As usual, the policy we are pursuing on the ground in the Middle East has zero to do with defending legitimate American interests: it's pure malarkey to run the "terrorist safe havens" argument up the flagpole, which posits an alleged danger to the United States from ISIS. We are creating more enemies in the region due to our interventionist policies than the public relations departments of ISIS and Al Qaeda combined could ever hope to recruit on their own.
Iraq War III is all about domestic politics: Obama is worried his "legacy" will be tarnished, and his party is concerned about having the "Who lost Iraq?" albatross hung around their necks in 2016.
That's all the political class in this country cares about: maintaining their own power and prestige. And so the way to approach this issue strategically is to demonstrate that the American people have had it up to here with Iraq, and want no part of another war in the Middle East. We did it when Obama announced he was going to bomb Syria: the War Party was taken aback by the sheer spontaneous power of the protest. Many thousands called their congressional representatives and made it crystal clear that they opposed any new war in the region, whether it be on "humanitarian" or "strategic" grounds.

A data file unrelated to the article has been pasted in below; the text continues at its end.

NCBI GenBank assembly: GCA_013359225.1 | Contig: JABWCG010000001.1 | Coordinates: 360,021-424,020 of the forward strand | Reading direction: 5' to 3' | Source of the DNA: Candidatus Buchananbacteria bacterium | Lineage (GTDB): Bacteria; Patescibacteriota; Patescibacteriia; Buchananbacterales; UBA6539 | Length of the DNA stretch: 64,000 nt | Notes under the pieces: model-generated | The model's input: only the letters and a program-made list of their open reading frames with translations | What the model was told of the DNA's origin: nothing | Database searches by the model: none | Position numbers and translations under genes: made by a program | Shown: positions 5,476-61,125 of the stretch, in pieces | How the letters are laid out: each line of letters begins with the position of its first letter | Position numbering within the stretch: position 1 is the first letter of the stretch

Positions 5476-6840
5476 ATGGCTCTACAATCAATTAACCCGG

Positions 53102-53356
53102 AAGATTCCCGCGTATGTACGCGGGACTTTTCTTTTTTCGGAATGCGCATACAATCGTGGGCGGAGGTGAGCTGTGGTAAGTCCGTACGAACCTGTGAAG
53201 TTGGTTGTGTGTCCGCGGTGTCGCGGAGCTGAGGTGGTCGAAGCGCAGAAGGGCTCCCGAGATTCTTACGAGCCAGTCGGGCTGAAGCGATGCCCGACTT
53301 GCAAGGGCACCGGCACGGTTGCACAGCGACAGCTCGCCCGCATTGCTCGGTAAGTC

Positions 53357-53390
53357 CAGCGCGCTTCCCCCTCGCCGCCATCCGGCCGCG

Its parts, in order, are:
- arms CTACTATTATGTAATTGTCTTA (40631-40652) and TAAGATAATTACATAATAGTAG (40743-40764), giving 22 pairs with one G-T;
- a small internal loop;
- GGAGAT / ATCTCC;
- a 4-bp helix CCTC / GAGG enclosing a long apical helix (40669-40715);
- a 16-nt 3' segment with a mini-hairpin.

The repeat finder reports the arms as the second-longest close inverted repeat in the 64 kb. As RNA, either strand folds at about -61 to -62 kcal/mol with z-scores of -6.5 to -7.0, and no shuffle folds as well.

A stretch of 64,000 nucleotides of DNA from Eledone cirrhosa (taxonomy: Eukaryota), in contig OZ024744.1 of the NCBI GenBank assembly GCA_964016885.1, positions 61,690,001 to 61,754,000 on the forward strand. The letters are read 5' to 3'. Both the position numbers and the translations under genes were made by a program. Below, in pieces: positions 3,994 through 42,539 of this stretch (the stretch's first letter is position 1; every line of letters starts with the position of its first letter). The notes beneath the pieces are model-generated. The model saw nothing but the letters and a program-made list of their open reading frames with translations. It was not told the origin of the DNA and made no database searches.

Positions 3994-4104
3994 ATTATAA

The American people said "Enough!" – "Basta!" – and it's time for them to do so again, in no uncertain terms. We here at Antiwar.com are asking our readers and supporters to call Congress and tell them under no circumstances should we send even a single soldier to Iraq. Not one penny, not one GI! And please don't tell me it's useless because they won't listen – they did last time, as politician after politician, inundated with calls from angry constituents, backed away from supporting the supposedly imminent bombing of Syria.